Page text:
That time far-right trolls pretended to be black feminists online

In spring 2014, barely weeks before GamerGate, 4chan trolls began masquerading as feminist women of color online. The targets were not fooled, obviously, and Shafiqah Hudson and others launched an education campaign against it. But conservative pundits were eager to play along, out of stupidity or malice, laundering the lies into their version of reality and engaging a supply chain of far-right bullshit that would soon be exploited at scale.

Shafiqah Hudson remembers the moment she realized something was off. She saw a tweet from an account she had never seen before: "#EndFathersDay because I'm tired of all these white women stealing our good black mens." Something about the grammar—not to mention the idea that black women wanted to abolish Father's Day because of interracial dating—just felt too cartoonish to be real…. Hudson found herself horrified by how easily people on social media could be lured into believing a stereotype of black women. While she watched a credulous rage build online, not just against these fake Twitter accounts but against the black feminists she called friends, her own anger grew as well: "No one is going to come into my house and start breaking shit," she said.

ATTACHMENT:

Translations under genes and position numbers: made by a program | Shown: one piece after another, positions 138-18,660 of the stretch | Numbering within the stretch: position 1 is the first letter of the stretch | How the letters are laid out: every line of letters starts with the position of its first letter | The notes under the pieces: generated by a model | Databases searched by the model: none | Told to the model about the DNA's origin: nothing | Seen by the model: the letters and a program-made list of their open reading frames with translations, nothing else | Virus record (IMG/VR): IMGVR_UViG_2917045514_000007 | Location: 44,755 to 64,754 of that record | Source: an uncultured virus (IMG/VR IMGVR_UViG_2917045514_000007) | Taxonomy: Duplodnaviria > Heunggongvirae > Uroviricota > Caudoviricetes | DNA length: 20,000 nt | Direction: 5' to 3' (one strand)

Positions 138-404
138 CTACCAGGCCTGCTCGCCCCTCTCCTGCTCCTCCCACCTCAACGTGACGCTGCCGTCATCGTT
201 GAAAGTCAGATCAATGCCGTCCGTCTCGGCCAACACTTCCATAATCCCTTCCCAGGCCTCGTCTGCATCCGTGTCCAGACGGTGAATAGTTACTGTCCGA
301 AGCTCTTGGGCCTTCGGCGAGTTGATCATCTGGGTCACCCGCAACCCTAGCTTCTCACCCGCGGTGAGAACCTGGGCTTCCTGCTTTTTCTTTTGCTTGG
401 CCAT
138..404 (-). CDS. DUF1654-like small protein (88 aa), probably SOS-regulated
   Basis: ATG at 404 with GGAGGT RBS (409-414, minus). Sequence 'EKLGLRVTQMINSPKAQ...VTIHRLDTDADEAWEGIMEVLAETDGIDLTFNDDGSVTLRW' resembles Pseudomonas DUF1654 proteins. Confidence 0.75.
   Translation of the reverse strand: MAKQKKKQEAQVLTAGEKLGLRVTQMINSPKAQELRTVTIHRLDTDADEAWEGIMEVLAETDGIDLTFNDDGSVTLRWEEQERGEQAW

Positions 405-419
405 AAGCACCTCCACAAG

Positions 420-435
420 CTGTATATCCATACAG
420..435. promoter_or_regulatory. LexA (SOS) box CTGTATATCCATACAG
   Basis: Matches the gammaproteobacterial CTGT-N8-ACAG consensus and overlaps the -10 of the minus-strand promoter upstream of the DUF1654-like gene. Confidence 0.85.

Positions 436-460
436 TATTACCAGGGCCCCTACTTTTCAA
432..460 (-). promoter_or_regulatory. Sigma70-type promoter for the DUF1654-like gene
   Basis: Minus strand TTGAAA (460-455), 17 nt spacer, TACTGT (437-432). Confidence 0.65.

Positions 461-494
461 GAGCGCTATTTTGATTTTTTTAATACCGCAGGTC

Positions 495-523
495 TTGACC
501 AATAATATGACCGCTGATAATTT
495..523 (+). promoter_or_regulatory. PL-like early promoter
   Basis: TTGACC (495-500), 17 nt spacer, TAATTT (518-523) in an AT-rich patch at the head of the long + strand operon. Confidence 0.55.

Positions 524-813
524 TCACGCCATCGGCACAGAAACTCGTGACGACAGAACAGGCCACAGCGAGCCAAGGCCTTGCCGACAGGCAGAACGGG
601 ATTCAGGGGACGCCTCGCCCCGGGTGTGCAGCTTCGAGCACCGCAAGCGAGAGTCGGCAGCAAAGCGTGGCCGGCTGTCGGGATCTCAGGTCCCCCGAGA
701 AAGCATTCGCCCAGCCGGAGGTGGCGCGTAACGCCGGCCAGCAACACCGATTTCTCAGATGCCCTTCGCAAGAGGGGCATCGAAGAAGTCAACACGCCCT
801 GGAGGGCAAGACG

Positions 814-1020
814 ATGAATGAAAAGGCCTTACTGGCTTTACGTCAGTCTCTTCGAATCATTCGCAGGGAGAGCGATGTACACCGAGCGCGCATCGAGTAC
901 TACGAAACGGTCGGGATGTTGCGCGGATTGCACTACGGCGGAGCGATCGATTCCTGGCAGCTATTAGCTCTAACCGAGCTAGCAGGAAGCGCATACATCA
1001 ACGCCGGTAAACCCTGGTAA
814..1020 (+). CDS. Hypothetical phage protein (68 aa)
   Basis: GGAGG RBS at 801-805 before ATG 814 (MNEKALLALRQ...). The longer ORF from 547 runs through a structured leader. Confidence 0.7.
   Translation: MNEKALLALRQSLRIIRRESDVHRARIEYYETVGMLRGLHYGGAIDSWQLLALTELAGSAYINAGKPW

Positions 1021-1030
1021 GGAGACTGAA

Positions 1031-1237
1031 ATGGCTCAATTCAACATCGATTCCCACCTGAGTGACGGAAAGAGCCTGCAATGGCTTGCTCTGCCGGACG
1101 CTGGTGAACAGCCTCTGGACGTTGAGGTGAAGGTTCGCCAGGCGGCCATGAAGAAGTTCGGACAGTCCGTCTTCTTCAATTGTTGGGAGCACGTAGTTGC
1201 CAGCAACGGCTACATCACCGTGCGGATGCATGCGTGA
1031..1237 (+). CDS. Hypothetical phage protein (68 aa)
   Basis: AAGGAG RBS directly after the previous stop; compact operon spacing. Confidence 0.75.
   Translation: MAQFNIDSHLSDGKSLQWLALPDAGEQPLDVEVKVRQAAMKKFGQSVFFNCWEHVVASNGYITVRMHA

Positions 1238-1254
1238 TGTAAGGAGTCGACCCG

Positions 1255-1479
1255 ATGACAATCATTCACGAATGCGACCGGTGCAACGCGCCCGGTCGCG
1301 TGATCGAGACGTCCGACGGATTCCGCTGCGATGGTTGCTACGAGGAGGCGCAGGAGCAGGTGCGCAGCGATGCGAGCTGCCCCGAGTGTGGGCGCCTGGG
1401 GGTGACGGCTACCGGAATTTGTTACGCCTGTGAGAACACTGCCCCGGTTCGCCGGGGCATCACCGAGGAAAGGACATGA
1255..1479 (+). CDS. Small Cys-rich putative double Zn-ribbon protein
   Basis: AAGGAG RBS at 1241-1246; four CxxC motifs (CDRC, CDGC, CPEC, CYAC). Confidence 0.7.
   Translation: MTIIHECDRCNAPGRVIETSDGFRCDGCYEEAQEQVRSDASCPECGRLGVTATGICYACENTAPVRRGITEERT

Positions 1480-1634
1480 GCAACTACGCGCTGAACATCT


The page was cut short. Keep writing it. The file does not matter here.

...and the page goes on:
The mockery #EndFathersDay made of an increasingly influential online feminist movement became predictable catnip to conservatives. Tucker Carlson devoted a segment to it. Ashe Schow in the Washington Examiner called it the latest "drivel" "from the feminist outrage machine." Dan McLaughlin tweeted that the hashtag was "a neat illustration of the cultural trajectory of progressivism." "#EndFathersDay Because it's really just Second Caregiver of Unspecified Gender Identity Day, you cisnormative a**holes," mocked Ben Shapiro.

Something about all this reminded me of the following sentence from conservative writer Kevin Williamson (admired among his peers for the quality of his prose), posted about the time of #EndFathersDay, quoting a "three-fifths" "primate", which is to say a black child:

'Hey, hey craaaaaacka! Cracka! White devil! F*** you, white devil!"

If you're wondering why conservatives were so easily led by 4chan, consider that on the issue of what black people sound like, this is their best material.